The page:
The St. Louis Blues are the hottest team in hockey and in a little less than a month-and-a-half have gone from being one of the worst, most disappointing teams in the league, to what now looks to be a sure-fire playoff team with less than a quarter of the season to go.
It is not hard to see what the turning point has been for them, and it happened on Jan. 7 when they gave Jordan Binnington, a 25-year-old goalie that had appeared in just three NHL games in his career to that point, all of them in mop-up duty, his very first start.
He stopped all 25 shots he faced that night in a 3-0 win over the Philadelphia Flyers, and he has simply not stopped winning since.
The early numbers so far are more than impressive
- In his 20 appearances this season he has recorded a 15-2-1 record for the Blues.
- He has a .936 save percentage that is tops among goalies that have appeared in at least 20 games. Tampa Bay’s Andre Vasilevskiy is second at .930.
- Along with that, he has a .948 save percentage at even-strength, that is also far and away the best mark in the league. New York Islanders goalie Thomas Greiss is second at .938.
When the Blues lost Carter Hutton in free agency this past summer to the Buffalo Sabres, it left their net in the hands of Jake Allen and Chad Johnson to start the season. That experience did not go well for either one of them individually, or for the Blues as a team. Through Jan 6, one day before Binnington’s first career start, the two Blues’ goalies had combined for an .891 save percentage, a performance that was, at the time, the third-worst in the league ahead of only the Philadelphia Flyers and Florida Panthers.
The Blues had their share of problems early in the season, but none of them were bigger than the black hole that was their goaltending situation. Neither Allen or Johnson were able to do anything to secure the position, and their performance was helping to sabotage a team that probably should have been at least a little bit better than their overall record showed.
Then Binnington showed up and everything for the Blues has been different ever since.
After being selected in the third-round of the 2011 draft by the Blues, Binnington spent the first seven years of his pro career in the American Hockey League and really started to see his performance improve over the past three. Still, he never really got his chance until this season and so far it has been a somewhat historic run that is kind of reminiscent of the improbable starts that Patrick Lalime and Andrew Hammond had to their careers when they came out of nowhere to lift their teams in their debut seasons.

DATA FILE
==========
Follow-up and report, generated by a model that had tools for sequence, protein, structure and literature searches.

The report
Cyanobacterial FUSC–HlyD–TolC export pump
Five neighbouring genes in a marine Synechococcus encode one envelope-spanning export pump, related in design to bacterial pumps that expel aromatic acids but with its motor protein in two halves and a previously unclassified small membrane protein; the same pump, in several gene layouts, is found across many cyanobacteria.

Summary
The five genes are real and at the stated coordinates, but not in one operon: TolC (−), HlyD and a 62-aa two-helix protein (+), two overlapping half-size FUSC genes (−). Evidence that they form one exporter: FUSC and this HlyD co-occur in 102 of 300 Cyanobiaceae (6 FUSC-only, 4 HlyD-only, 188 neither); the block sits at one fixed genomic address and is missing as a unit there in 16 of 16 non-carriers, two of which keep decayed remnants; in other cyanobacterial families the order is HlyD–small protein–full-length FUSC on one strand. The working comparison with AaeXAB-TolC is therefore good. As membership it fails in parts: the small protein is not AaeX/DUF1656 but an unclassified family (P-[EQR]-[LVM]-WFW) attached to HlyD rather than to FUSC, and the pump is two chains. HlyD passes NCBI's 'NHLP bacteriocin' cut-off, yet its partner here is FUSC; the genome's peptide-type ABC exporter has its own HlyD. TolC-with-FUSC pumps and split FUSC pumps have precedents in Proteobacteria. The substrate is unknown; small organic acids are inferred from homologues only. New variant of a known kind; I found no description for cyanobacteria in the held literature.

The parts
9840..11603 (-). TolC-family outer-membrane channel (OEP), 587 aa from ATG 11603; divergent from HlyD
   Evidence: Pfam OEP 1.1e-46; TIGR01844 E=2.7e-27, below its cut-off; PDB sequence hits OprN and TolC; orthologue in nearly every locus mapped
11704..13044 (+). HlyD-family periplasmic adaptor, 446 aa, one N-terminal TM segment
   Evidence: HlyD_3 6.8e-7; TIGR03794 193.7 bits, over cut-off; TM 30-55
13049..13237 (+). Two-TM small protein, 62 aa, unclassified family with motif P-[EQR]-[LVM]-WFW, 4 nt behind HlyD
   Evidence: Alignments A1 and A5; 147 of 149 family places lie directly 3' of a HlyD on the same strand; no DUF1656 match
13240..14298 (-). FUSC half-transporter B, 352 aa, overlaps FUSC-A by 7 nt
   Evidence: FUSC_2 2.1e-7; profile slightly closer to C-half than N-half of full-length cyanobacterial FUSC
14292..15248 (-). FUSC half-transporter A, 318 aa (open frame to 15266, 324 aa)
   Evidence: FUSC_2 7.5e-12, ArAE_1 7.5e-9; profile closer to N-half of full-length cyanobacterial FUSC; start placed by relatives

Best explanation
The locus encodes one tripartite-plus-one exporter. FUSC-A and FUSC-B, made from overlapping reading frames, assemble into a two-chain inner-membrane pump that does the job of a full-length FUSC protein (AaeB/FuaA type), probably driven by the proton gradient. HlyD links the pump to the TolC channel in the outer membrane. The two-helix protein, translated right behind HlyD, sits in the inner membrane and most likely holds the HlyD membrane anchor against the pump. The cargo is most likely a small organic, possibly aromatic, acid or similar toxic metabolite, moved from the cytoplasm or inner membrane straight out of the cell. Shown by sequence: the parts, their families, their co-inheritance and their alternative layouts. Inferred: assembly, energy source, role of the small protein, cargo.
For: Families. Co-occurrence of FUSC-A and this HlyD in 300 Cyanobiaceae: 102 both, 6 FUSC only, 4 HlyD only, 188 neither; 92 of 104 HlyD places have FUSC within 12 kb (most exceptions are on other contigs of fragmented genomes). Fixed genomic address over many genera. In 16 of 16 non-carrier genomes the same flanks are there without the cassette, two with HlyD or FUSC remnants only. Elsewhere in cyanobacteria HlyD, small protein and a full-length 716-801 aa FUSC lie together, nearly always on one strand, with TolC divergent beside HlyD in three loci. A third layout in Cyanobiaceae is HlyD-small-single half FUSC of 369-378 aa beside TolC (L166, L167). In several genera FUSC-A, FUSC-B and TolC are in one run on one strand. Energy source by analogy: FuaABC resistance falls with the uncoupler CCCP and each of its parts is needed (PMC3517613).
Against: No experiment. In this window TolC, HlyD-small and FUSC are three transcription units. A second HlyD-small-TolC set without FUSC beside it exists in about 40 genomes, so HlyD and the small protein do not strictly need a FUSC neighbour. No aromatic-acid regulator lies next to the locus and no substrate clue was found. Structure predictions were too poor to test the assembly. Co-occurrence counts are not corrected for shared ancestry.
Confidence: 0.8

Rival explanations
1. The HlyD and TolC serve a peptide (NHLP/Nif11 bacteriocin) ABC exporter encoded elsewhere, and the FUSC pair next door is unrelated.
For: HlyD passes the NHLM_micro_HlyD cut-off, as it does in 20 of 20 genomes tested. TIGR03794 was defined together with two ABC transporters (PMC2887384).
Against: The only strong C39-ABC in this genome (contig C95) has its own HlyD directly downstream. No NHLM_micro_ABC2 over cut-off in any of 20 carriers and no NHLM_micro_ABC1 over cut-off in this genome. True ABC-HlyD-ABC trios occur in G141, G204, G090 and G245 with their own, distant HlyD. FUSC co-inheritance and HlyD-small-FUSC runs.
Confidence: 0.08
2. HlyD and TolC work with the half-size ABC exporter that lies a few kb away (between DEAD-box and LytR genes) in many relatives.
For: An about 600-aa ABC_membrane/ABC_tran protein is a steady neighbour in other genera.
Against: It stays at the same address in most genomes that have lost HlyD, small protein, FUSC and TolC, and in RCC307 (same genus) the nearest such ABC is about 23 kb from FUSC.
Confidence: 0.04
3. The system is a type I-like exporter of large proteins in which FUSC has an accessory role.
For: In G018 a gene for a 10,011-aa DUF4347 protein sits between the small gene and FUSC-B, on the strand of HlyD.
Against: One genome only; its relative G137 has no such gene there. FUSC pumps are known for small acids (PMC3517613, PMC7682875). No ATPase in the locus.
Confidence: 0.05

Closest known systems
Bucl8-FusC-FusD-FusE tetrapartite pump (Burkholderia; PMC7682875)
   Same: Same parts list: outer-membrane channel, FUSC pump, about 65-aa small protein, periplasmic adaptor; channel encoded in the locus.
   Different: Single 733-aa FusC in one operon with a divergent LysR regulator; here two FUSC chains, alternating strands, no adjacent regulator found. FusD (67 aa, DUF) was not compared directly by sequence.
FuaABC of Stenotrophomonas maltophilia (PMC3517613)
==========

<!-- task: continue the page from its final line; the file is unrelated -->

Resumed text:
Going as far back as the 1987 season, Binnington is one of just seven goalies to win at least 15 of their first 21 appearances in the NHL, joining a list that includes Brent Johnson, Hammond, Matt Murray, Semyon Varlamov, Lalime, and Frederik Andersen.
At some point Binnington’s individual performance is going to regress. It did for all of the goalies just mentioned, and there is no way he is going to maintain a .936 overall save percentage and a .948 even-strength save percentage. Lets be realistic here, it is a hot start to a career that could still go in any direction. Nobody, not even the Blues and Binnington himself, knows what that direction will ultimately be because projecting goalie performance is an almost impossible task, even for the people that are paid big money to have to figure it out. But this hot streak is still happening, and it came at just the right time for a Blues team that spent its offseason spending big money in an effort to get back into the playoffs and was dangerously close to having it all go to waste because nobody could stop the puck for them.
They found somebody to do that, and the season is headed right where they hoped it would be when it began.
Adam Gretz is a writer for Pro Hockey Talk on NBC Sports. Drop him a line at firstname.lastname@example.org or follow him on Twitter @AGretz.